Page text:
The mechanism of penetration testing is directed toward locating the vulnerabilities and weak points in a security system. This means the penetration tester analyzes and informs the business how well their security protocols react against a cyberattack. They also submit a report suggesting suitable measures to ensure a robust system that prevents malicious acts.

Unlike ethical hacking, penetration testing doesn’t target  the entire IT structure.

On the other hand, an ethical hacker scrutinizes all vulnerabilities and flaws in the complete IT structure. This is done by deploying wide-ranging techniques and attack vectors.

These white-hat hackers also recommend  methods to mitigate any cybersecurity risks. 

Scope

The scope is an imperative factor in understanding ethical hacking vs. penetration testing

In penetration testing, only a specific element of the IT structure is tested. This is often due to time and budget limitations. At times, businesses have low budgets, so they aim to implement security measures for the most vulnerable elements only.

The goal of penetration testing is to find loopholes and weak points in one particular area of the IT infrastructure and deploy preventative techniques. This can be done at any given point in time.

Whereas, in ethical hacking, the scope is wider as experts analyze the entire IT structure over a longer period. This consequently increases the scope of finding vulnerable points in a larger environment. 

The major scope difference between a certified ethical hacker vs. a penetration tester is the size of the environment, time period, and extent of intrusions. 

Permissions Required

As the environment under analysis is smaller, the tester needs limited permissions for different stages of penetration testing. However, the ethical hacker requires permission to access the whole IT structure over an extensive period of time. The timeframe can vary depending on the scope of locating vulnerabilities with ethical hacking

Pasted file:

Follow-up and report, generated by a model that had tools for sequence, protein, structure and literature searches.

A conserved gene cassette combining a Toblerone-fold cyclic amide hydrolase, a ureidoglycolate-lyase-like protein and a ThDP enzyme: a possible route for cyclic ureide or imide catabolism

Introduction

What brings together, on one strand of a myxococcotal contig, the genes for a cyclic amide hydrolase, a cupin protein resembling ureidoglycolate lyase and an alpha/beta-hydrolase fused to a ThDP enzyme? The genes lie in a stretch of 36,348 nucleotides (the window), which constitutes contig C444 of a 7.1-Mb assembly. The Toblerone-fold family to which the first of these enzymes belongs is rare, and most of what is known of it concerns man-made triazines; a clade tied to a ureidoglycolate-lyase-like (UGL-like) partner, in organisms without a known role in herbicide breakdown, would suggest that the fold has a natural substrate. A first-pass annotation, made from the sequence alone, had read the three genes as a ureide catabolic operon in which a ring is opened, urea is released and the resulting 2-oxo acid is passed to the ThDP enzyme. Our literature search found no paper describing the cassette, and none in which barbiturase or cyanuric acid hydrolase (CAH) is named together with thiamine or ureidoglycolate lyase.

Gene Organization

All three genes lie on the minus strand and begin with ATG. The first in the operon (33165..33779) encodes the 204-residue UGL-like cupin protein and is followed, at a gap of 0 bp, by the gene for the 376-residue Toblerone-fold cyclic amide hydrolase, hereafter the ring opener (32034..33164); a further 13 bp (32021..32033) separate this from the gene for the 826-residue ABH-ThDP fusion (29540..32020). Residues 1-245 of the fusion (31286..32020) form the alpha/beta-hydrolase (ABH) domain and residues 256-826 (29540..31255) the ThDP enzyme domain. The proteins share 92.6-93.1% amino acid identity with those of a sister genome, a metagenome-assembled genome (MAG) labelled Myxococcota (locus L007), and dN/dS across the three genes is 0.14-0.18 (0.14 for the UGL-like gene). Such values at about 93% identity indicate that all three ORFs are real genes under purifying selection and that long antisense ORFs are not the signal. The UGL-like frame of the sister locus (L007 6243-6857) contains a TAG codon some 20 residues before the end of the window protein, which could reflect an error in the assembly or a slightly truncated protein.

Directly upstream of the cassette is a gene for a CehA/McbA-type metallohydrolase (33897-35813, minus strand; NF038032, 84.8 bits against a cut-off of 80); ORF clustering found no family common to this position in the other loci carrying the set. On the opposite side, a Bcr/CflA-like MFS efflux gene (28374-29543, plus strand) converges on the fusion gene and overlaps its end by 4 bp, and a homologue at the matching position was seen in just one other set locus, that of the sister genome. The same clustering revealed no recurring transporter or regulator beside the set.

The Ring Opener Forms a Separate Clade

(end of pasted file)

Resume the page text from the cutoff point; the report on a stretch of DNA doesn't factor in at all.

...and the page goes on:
What’s Right For Your Organization?

As far as businesses are concerned, both penetration testing and ethical hacking help maintain cybersecurity. You can choose either one, depending on your expectations, budget, and motive.

Companies often offer attractive bounties to ethical hackers to identify a live error. To do this, they conduct a thorough assessment of their IT structure using various attack methods. 

Certified ethical hacking experts have the liberty to exploit the system’s configurations, send fake emails, conduct DNS spoofing, etc., to inspect the network.

In penetration testing, the utility isn’t as diverse. It focuses on locating specific system weaknesses. Still, it’s an ideal and effective avenue when you don’t have the time or budget for a detailed analysis as done in ethical hacking.

A penetration tester also submits a report suggesting measures to reinforce security. As such, data protection laws have also mandated this practice. 

 

Final thoughts

Penetration testing is a subset of ethical hacking, and both techniques are equally important for cybersecurity. 

It’s vital to understand the job roles of a certified ethical hacker vs. penetration tester to help you decide the best solution for your circumstances.

Nonetheless, keep the benefits and risks of penetration testing and ethical hacking in mind beforehand. If done improperly, either method can lead to server crashes and data loss.